Two foreign-owned mining companies, betting that the world will quickly forget the horrors of Fukushima, plan to sink a pair of shafts into the rugged New Mexico landscape near near Mt. Taylor and begin 0perating the nation’s biggest uranium mine.
If approved by the U.S. Forest Service and state agencies, the mine would be the first of its kind to operate in the state in more than a decade, extracting as much as 28 million pounds of the radioactive heavy metal and desecrating as many as 70 acres of land sacred to Native Americans that’s designated by the federal government as traditional cultural property.
Previous uranium mining left the state’s landscape scarred and workers sickened. But the Roca Honda joint venture of Canadian and Japanese companies says the industry has learned from past mistakes and now has the whole safe-isotope-extraction thing sorted out. From the Albuquerque Journal:
[Roca Honda Manager John] DeJoia said he would be the “first to admit there are legacy issues,” but that much has been learned in the industry.
“Were cars less safe 60 years ago? Of course they were … Do we know more about food? We certainly do, and that’s the case with uranium, coal, copper,” DeJoia said. “It is an evolving process and just because it wasn’t done properly 40 or 50 years ago doesn’t mean we can’t do it properly today.” …
He concedes that for now, neither spot market nor long-term sales market prices “support fervent development.”
“However, the nuclear-power situation in the world — in our country — indicates a true shortage and that the price will go up once the fervor over Fukushima and everything gets past us,” he said, noting that the U.S. itself produces only 7 or 8 percent of the 55 million to 60 million pounds of uranium used a year by the nation’s nuclear plants. “We will have to realize nuclear power is probably the most viable, cleanest power source we have.”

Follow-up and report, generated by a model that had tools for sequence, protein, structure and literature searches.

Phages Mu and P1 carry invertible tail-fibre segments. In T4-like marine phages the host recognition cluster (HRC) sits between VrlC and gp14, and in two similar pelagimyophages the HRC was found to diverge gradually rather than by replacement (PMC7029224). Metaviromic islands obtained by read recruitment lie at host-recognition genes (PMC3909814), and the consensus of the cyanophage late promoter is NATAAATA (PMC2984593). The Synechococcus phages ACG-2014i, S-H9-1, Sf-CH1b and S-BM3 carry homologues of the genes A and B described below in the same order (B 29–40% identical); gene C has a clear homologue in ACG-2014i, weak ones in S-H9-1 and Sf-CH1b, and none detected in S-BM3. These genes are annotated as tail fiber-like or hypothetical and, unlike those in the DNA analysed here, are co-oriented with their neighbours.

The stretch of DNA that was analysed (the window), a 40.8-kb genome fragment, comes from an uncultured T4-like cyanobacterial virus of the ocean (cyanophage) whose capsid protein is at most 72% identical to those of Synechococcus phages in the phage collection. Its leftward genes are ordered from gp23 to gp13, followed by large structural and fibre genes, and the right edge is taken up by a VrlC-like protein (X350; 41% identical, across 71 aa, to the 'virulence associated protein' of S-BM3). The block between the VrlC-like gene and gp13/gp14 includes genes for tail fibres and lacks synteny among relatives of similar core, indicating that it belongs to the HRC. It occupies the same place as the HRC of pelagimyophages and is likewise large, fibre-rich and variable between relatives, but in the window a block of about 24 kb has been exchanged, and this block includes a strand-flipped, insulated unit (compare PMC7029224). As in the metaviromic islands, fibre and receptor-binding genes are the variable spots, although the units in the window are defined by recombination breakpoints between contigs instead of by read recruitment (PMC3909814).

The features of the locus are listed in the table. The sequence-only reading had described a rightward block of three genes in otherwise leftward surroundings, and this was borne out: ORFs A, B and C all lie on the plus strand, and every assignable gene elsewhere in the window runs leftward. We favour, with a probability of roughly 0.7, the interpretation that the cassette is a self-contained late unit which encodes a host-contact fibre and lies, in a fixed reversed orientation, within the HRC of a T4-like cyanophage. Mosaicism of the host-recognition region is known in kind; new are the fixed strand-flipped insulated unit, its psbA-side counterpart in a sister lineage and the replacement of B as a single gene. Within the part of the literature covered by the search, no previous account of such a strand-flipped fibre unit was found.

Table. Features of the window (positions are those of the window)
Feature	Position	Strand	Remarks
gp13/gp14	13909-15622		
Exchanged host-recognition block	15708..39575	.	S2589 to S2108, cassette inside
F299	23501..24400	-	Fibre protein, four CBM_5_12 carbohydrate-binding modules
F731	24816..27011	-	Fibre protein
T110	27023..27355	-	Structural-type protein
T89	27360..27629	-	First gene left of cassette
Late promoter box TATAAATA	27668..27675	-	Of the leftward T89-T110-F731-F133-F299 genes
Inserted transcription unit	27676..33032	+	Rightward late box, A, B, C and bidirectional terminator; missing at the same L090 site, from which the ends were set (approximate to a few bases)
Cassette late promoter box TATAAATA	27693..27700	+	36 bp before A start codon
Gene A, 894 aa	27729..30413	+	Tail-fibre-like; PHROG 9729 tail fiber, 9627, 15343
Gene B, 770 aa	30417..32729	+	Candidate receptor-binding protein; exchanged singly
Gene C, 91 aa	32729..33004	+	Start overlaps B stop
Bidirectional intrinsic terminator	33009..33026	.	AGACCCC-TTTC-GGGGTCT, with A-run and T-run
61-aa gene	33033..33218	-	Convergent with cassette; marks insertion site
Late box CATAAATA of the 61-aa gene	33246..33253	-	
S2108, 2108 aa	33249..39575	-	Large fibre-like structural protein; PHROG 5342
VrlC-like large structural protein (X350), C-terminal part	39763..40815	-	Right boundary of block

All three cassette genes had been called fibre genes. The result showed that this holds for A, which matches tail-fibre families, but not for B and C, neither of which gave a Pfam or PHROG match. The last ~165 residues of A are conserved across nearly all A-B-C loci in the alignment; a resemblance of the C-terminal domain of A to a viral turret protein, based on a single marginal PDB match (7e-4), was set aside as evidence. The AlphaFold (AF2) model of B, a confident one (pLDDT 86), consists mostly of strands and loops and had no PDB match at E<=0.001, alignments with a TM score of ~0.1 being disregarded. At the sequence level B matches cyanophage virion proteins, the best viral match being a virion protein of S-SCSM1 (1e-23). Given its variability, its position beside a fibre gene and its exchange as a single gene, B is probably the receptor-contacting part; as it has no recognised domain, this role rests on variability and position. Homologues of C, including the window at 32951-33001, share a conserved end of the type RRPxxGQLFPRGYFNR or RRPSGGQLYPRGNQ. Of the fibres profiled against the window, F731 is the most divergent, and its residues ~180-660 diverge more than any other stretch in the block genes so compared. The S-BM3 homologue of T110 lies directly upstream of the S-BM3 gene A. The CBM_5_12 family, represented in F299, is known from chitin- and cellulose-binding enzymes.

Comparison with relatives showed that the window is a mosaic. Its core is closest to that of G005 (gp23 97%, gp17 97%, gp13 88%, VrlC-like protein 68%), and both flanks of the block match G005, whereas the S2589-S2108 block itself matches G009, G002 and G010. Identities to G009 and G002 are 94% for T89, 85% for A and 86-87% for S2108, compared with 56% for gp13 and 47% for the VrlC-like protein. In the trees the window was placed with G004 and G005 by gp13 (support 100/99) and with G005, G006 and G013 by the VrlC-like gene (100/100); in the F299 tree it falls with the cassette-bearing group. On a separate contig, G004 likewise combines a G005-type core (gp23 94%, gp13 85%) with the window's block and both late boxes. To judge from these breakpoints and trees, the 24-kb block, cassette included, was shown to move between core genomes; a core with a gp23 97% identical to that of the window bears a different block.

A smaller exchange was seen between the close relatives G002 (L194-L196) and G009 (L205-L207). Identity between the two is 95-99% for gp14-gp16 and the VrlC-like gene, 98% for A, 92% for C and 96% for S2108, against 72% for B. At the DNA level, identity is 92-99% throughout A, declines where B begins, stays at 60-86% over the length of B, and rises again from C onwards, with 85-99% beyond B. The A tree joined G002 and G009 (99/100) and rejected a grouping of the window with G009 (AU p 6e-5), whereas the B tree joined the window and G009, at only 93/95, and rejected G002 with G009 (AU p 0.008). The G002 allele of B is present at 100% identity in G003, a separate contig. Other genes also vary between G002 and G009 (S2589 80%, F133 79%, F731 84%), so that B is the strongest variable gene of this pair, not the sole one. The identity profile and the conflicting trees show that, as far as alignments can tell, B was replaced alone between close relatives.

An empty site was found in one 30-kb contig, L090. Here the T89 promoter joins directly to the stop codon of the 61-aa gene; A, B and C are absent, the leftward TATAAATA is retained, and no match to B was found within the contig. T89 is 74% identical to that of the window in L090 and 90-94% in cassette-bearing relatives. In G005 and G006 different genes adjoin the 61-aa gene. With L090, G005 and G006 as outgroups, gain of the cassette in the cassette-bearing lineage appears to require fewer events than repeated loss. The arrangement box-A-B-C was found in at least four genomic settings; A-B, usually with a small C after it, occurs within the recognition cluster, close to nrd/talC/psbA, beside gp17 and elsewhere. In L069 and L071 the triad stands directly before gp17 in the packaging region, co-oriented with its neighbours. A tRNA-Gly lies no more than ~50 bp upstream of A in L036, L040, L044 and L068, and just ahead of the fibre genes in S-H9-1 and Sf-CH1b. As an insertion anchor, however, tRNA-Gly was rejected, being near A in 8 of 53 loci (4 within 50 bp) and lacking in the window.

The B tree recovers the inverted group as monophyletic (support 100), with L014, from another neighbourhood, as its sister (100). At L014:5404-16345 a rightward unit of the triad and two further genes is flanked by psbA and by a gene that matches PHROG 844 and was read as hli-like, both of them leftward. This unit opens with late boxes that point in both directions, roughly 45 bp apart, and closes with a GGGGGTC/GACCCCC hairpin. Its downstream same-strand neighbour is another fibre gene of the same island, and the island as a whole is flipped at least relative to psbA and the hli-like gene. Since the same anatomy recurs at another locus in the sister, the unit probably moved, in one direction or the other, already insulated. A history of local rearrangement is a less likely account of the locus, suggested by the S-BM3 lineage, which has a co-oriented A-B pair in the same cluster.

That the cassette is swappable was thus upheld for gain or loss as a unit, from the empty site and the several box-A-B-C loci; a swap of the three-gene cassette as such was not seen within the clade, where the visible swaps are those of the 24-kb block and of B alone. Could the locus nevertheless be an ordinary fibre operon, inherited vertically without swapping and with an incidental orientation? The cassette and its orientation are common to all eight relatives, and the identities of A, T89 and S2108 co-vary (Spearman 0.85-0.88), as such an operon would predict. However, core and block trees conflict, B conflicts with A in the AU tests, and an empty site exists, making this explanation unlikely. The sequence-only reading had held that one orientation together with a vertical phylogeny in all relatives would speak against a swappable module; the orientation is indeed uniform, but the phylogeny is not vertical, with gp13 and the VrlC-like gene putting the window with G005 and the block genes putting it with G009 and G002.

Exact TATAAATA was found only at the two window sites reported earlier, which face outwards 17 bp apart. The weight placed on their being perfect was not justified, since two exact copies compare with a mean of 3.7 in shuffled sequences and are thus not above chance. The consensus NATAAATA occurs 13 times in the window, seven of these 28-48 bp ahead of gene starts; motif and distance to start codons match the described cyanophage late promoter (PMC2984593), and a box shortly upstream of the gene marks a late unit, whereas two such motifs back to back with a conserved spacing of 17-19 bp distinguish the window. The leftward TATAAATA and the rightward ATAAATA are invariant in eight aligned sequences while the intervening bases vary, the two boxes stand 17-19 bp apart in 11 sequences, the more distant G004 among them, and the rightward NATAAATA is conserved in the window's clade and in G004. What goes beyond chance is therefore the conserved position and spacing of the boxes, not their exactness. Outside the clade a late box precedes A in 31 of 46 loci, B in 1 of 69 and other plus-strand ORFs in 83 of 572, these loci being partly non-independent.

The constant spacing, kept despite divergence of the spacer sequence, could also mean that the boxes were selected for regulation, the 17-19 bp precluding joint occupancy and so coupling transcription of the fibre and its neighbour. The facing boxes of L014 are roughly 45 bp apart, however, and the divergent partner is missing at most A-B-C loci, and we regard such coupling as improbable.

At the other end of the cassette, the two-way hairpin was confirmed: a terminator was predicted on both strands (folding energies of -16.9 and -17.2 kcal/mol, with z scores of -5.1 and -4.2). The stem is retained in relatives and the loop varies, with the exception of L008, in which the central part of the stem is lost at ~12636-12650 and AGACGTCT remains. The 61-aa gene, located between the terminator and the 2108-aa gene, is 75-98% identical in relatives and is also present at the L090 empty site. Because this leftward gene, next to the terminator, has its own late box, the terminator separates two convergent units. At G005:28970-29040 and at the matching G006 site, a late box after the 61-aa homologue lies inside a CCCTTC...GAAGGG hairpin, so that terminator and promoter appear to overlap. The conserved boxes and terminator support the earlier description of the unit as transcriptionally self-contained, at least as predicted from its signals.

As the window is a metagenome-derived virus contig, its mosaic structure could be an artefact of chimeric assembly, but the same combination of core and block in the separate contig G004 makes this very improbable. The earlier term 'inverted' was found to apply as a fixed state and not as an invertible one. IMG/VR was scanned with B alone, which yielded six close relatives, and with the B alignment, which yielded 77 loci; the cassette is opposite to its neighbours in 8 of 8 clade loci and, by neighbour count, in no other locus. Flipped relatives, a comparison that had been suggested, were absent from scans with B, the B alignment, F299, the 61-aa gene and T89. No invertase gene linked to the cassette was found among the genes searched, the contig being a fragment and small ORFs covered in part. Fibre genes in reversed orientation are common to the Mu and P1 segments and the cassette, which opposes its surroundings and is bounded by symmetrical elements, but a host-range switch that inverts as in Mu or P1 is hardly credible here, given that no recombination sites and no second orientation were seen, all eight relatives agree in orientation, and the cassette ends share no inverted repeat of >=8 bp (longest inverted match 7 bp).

Needless to say, DeJoia’s glee is not shared by all of the neighbors of the proposed mine. From the same article:
[A] coalition of community organizations, including several Native American groups and an organization of former uranium miners, contends a mining operation would imperil the area’s water supply and quality. The group also believes it would severely impact an area designated by the Forest Service as a traditional cultural property that has great spiritual significance for indigenous people across the Southwest.
“It is essentially the same as proposing a huge uranium mine in the middle of the Vatican. There’s just no way to avoid the impacts,” said attorney Eric Jantz of the New Mexico Environmental Law Center, which is representing the coalition, the Multicultural Alliance for a Safe Environment.
Jantz said water pumped from the mine could result in significant drawdowns of surface water and springs. There is also concern waste piles and toxic heavy-metal materials could make their way into ground and surface water, he said.
The Forest Service could issue its approval this year, the newspaper reports, clearing the path for drilling to begin within the next several years. And once that happens, hoo-boy, is New Mexico in for an economic bonanza — the likes of which DeJoia can’t even describe to a reporter:
“I won’t run you through all the economics on that, but you can rest assured there is an awful lot of income tax paid on that,” he said. “There are a lot of New Mexico taxes in there.”
Thanks for sparing us the numbers. Nobody wants to be thinking hard when we could just be mindlessly digging for short-term profits.
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